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There is a family of recursive sequences that I came up with: $$a_n=\text{sum of factors less than $a_{n-1}$ of } a_{n-1}, a_0\in\mathbb{N}$$ First question: Has it been studied before?

Here are some observations I've made about it:

Starting from successive positive integers, and defining the sum of factors of $0$ less than $0$ as $0$, the first few sequences are: $$1,0,0\dots$$ $$2,1,0,0\dots$$ $$3,1,0,0\dots$$ $$4,2,1,0,0\dots$$ $$5,1,0,0\dots$$ $$6,6,6\dots$$ etc. Setting $a_0$ equal to a perfect number $n$ produces the sequence $n,n,n\dots$ Starting from $a_0=n_1$, where $n_1\text{ and }n_2$ are a pair of amicable numbers, produces the sequence $n_1, n_2, n_1, n_2\dots$

If $a_0$ is a prime number, $a_1=1$.

There are several conjectures I've made about this family of sequences, but haven't been able to prove or disprove:

  1. No sequence diverges to infinity.
  2. For any positive integer $>2$ defined as $a_n$, there is at least one possible $a_{n-1}$ that fits the rule of the sequence. Edit: Never mind
  3. For every $j\in\mathbb{N}$, there is at least one $a_0$ fso that $a_j=a_0$ but for all $a_k$ where $1\leq k<j$, $a_k\neq a_0$.
  4. (this might be easier than the other conjectures) No $k\in\mathbb{N}=a_n$ (greater than one) generates an infinite number of positive integers that can be set equal to $a_{n-1}$ and have these two terms follow the rule of the sequence.

Second question: Does anyone know how to prove any of these conjectures?

P.S. I do not necessarily want a proof to all four of these conjectures, although that would be good. It's just that these seem so difficult to prove that I feel like a proof of any one, two, or three of these conjecturs also has a place here.

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    $\begingroup$ The divisor function counts what you want plus the $a_{n-1}$ term. There are published bounds for it so your claim number 1 might not be hard to prove. $\endgroup$ – Sandeep Silwal Jun 9 '14 at 19:23
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    $\begingroup$ For conjecture #4, isn't it sufficient to observe that $a_{n-1}$ is either a prime (in which case $a_n=1$) or has at least one proper divisor not smaller $\sqrt{a_{n-1}}$ (so $a_n\geq \sqrt{a_{n-1}}$ or, equivalently, $a_n^2\geq a_{n-1}$) $\endgroup$ – Peter Košinár Jun 14 '14 at 22:42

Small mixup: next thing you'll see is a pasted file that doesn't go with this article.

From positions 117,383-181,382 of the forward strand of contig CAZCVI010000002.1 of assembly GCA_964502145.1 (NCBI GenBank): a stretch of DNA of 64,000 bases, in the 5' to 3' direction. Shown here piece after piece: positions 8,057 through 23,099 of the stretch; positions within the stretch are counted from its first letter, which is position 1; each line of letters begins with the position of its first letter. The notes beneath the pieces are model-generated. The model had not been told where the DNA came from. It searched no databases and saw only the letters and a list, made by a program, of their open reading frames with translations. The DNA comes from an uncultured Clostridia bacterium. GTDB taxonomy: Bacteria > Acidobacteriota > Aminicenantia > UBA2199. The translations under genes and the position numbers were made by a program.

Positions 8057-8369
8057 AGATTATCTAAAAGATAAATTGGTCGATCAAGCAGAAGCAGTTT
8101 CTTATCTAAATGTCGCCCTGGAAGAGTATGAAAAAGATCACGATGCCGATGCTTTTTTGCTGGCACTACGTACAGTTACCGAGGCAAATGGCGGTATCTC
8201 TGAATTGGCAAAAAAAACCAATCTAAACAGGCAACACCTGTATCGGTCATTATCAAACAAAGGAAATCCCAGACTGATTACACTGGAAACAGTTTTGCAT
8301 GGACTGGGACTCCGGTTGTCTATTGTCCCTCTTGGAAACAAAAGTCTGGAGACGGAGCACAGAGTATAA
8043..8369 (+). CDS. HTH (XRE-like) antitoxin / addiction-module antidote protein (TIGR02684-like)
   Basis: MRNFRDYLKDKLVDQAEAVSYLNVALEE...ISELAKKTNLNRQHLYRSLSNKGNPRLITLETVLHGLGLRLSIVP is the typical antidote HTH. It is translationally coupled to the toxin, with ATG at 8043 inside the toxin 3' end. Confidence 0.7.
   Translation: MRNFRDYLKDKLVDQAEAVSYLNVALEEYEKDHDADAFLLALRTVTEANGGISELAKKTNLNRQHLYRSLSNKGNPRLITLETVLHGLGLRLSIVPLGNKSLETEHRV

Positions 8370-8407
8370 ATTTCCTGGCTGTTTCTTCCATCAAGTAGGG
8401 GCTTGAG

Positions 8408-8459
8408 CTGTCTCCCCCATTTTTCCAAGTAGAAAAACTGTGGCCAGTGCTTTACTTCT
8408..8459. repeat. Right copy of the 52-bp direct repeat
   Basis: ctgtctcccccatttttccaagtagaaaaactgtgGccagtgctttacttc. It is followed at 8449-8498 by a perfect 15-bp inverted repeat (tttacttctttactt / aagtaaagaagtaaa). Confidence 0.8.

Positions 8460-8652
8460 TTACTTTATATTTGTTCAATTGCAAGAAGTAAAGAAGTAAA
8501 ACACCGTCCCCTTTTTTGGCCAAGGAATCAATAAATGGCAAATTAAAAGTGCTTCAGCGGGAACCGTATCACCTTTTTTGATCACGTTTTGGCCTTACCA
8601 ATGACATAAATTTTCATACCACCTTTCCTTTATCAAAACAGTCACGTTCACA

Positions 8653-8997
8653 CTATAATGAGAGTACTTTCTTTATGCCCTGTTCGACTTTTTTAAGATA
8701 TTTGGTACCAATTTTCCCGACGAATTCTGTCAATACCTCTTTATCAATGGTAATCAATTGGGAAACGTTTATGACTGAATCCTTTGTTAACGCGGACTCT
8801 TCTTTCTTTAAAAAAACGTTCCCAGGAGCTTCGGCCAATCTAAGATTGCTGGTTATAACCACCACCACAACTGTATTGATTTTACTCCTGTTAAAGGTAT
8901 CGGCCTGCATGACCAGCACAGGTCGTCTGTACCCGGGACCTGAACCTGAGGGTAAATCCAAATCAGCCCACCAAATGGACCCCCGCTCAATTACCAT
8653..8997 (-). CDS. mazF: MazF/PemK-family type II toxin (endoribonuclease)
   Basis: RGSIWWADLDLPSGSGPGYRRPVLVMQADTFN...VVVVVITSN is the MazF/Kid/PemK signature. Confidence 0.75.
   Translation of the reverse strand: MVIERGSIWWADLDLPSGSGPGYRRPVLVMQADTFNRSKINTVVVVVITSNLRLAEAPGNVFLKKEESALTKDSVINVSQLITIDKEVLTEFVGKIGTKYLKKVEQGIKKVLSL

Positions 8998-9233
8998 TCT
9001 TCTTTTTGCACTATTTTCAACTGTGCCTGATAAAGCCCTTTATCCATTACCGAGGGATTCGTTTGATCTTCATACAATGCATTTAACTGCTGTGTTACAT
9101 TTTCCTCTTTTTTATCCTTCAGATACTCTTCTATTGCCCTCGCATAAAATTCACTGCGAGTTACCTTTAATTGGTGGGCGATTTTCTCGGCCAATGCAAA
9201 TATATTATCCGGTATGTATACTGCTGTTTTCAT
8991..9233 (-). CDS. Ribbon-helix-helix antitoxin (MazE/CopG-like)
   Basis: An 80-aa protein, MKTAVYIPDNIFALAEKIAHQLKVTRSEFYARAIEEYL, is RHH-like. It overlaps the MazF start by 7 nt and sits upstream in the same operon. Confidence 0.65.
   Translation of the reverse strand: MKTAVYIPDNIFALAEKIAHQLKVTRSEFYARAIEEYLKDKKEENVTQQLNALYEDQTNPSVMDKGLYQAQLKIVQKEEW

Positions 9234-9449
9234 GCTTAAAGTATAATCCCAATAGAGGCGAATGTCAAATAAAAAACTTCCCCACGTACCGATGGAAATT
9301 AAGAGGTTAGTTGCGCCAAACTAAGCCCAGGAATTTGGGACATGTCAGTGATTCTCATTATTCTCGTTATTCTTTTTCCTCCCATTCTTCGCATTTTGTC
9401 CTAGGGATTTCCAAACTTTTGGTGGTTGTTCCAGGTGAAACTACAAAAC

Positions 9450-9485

• $\begingroup$ This might be an useful reference too. $\endgroup$ – Peter Košinár Jun 15 '14 at 7:38
  • $\begingroup$ @PeterKošinár, I believe your logic is correct. Would you please write that up as an answer? $\endgroup$ – Aidan F. Pierce Jun 15 '14 at 13:31
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The sequence in question is known as aliquot sequence. Based on the references I was able to find, question #1 and #3 are open problems at the moment; we don't even know whether :

Question #4 turns out to be an easy one. If $a_{n-1}$ was a prime, we'd have $a_n=1$. Otherwise, $a_{n-1}$ must have at least one divisor greater or equal to $\sqrt{a_{n-1}}$, so $a_n\geq \sqrt{a_{n-1}}$. Thus, $a_{n-1}\leq a_n^2$ which means that any particular value $a_n>1$ can have at most $a_n^2$ immediate predecessors (the actual number of possible predecessors tends to be considerably smaller).

This upper bound can be used to check if a particular number is untouchable (which means it can only ever appear at the beginning of the sequence) and find out that $5$ is the smallest counter-example to question #2.

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